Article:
Stem Cells: Heath Care's Panacea or Pariah?
This article was originally published in Start Up
The field of stem cells is still plagued by issues of ethics, efficacy, and economics.
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Current cellular models for drug discovery can be notoriously unreliable, both for their predictive power and their sustainability. Cells derived from human progenitor stem cells can provide homogeneity over countless experiments, but working with them remains a complex scientific art. By industrializing production of stem cell-derived cell model systems, CellDesign Inc. intends to capture a chunk of the existing $1.5 billion market for cellular model systems and grow it through sales of easy-to-use kits for deriving everything from human fat cells to Alzheimer's disease-ridden neurons.
California Stem Cell Inc.'s founder, Hans S. Keirstead, PhD, is well known in stem cell circles as the developer of processes that can produce extremely pure cell lines from human embryonic stem cells. As such, the start-up is uniquely situated. Not only does it produce over 95% pure populations of several cell types for use in research, but the firm also has proprietary reagents it sells to pharma and biotech firms. And it is building its own therapeutic pipeline: CSC is poised to file an IND for an hESC-derived therapy to treat type 1 infantile spinal muscular atrophy, the largest genetic killer of children under the age of two.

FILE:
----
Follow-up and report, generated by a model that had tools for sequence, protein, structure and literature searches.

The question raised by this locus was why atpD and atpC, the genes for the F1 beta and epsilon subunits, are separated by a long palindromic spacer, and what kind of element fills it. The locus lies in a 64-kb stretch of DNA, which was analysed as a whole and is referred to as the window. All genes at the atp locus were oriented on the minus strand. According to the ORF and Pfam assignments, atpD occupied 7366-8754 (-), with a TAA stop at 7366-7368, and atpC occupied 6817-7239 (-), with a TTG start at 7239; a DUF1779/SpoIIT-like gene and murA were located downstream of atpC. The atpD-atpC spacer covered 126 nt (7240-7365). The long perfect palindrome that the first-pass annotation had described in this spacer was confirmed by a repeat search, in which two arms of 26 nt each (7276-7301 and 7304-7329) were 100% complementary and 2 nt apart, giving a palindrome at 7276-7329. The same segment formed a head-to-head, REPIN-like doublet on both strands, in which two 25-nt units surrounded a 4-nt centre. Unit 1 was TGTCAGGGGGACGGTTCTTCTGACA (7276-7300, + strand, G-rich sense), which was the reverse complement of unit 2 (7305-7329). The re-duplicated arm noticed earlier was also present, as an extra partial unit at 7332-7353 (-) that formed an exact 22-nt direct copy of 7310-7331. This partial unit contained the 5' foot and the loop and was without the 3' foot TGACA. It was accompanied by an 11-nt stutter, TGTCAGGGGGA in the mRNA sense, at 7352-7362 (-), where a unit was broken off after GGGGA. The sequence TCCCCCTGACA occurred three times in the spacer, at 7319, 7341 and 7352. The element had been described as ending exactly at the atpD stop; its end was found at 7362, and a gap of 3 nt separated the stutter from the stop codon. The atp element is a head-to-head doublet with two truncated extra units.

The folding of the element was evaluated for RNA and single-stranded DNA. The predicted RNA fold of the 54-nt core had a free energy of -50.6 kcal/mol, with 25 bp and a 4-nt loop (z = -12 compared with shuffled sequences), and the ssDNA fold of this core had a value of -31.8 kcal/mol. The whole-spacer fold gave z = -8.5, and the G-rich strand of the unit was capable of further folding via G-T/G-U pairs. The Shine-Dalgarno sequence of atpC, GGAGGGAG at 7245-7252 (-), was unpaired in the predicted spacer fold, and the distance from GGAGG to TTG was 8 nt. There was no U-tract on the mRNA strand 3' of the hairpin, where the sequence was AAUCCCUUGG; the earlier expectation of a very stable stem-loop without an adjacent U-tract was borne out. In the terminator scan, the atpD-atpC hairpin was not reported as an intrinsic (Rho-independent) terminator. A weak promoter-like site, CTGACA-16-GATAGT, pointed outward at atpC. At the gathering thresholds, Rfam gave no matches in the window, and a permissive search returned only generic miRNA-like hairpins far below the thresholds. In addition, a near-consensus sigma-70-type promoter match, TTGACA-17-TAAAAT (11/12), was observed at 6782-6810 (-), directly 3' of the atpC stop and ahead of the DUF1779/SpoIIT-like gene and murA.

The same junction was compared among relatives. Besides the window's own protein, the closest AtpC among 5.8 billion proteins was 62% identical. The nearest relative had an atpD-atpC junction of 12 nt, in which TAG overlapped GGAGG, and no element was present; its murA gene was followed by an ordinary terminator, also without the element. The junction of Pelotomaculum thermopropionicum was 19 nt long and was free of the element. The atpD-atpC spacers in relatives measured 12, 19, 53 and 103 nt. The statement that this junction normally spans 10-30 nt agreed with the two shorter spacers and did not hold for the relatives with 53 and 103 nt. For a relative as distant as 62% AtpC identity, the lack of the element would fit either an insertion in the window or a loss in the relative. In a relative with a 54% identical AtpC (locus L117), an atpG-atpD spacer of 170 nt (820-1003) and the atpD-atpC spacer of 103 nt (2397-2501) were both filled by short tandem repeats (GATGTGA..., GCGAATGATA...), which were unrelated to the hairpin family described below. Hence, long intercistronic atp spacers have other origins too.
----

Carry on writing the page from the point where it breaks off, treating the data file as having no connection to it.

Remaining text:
Kleiner Perkins, with two new high-profile partners, Beth Seidenberg and Dana Mead, is betting on applied genomics and personalized medicine, making major investments in molecular diagnostics, stem cell therapies, and drug-device convergence.